Nick Green has worked in the global pharmaceutical and healthcare-services industries for more than 35 years, including significant experience with third-party manufacturing of biological products. He currently serves as president and chief executive officer (CEO) of Avid Bioservices, a contract development and manufacturing organization (CDMO) that focuses on biopharmaceuticals derived from mammalian cell cultures. He has held senior leadership positions at several life-science companies. That includes time spent as president and CEO of Therapure Biopharma, Evolve Biologics, and Rhodia Pharma Solutions; managing director of Nipa Laboratories; head of life sciences at Clariant International; and president of the pharmaceuticals division at Codexis. In his career, Green has supervised operations for more than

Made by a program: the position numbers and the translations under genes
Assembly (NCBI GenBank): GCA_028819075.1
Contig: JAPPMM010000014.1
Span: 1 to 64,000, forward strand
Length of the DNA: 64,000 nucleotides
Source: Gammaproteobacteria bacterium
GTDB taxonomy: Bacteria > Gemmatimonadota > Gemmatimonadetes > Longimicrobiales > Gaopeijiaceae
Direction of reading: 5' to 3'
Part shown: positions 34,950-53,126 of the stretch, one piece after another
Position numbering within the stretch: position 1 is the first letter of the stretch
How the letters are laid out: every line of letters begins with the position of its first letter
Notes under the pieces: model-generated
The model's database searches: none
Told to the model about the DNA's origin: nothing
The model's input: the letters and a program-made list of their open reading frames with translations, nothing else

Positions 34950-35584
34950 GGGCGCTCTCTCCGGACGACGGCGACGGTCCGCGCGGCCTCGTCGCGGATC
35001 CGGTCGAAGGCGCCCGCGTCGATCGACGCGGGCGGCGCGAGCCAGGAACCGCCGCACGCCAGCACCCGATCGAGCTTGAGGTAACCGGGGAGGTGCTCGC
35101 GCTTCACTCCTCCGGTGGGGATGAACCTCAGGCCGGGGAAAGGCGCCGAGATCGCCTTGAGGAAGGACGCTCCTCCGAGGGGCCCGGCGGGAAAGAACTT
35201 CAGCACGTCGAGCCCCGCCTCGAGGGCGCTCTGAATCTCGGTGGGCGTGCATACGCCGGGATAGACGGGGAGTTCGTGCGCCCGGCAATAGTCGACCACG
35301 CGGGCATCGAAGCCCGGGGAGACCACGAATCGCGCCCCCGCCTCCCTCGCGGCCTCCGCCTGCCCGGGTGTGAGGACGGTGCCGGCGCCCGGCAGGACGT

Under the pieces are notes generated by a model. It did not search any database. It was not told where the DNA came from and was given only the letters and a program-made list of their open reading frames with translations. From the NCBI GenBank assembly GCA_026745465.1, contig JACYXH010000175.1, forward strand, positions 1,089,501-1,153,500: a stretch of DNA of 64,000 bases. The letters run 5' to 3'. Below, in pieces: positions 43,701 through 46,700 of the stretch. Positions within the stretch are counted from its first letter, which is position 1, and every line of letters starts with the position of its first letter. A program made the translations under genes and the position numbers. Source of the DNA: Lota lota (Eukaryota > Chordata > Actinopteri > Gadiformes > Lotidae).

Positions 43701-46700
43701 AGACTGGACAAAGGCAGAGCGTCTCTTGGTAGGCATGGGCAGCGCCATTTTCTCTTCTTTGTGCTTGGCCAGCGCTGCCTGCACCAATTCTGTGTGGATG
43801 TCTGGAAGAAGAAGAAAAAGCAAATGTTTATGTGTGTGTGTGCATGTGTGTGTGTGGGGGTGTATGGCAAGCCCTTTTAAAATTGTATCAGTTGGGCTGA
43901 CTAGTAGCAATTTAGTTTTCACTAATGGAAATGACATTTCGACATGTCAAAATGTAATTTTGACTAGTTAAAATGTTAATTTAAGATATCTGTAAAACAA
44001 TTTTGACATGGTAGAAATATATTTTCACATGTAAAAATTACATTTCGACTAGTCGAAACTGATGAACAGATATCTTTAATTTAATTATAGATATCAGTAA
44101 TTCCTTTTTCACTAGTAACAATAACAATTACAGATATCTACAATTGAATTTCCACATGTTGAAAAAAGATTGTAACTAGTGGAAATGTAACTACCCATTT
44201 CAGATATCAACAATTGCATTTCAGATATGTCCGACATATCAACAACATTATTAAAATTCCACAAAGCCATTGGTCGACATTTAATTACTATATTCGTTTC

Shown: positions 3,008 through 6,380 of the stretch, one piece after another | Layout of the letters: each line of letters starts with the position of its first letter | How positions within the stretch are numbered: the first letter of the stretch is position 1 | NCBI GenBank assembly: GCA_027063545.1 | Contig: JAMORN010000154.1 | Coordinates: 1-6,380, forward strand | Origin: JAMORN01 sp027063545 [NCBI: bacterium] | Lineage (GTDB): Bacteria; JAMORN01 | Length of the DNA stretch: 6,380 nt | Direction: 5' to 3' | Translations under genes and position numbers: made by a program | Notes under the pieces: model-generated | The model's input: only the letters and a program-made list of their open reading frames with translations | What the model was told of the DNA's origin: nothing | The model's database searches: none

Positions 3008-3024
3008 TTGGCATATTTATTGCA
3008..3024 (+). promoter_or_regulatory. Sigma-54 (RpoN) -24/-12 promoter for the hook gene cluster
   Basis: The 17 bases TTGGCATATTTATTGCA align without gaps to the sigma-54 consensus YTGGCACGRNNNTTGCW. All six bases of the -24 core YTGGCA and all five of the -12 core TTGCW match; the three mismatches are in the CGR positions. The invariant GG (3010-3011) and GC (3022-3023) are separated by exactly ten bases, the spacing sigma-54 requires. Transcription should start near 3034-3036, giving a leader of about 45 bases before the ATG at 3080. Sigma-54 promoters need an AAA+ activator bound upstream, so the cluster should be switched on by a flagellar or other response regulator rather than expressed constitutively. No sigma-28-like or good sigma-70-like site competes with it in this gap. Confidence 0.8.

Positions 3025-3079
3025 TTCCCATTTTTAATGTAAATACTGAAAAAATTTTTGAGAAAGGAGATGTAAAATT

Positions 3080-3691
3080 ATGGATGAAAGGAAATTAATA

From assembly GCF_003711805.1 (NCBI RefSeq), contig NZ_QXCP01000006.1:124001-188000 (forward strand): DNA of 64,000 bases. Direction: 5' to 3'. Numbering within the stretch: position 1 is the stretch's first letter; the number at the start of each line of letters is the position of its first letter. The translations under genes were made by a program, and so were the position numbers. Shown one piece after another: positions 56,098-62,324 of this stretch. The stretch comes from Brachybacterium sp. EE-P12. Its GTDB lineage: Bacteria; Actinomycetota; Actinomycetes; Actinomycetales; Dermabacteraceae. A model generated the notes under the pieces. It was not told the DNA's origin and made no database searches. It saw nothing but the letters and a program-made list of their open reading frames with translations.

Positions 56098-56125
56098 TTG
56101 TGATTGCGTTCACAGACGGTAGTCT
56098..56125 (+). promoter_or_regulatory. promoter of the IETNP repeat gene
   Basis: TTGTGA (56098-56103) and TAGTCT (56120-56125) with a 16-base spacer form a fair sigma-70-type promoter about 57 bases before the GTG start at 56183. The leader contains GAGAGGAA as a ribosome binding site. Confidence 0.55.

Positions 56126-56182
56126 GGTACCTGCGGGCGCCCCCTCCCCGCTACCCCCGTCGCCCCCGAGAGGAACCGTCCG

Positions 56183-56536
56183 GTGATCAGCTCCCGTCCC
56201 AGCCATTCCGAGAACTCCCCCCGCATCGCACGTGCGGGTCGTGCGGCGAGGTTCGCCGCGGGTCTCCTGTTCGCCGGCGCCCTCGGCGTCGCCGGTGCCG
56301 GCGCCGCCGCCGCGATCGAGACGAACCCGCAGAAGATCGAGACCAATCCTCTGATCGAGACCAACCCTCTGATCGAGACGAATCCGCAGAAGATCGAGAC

30 facilities spanning four continents. He holds a BSc in chemistry from Queen Mary University of London and an MBA from the University of Huddersfield, UK.
To enrich our understanding of how far the biopharmaceutical industry has come over the past two decades, BPI distributed questions to bioprocess suppliers and service providers. Below, Green provides perspective on the development of the global contract manufacturing industry, important regulatory considerations, and obstacles that the larger biopharmaceutical industry will need to address in years to come.
The History of Contract Manufacturing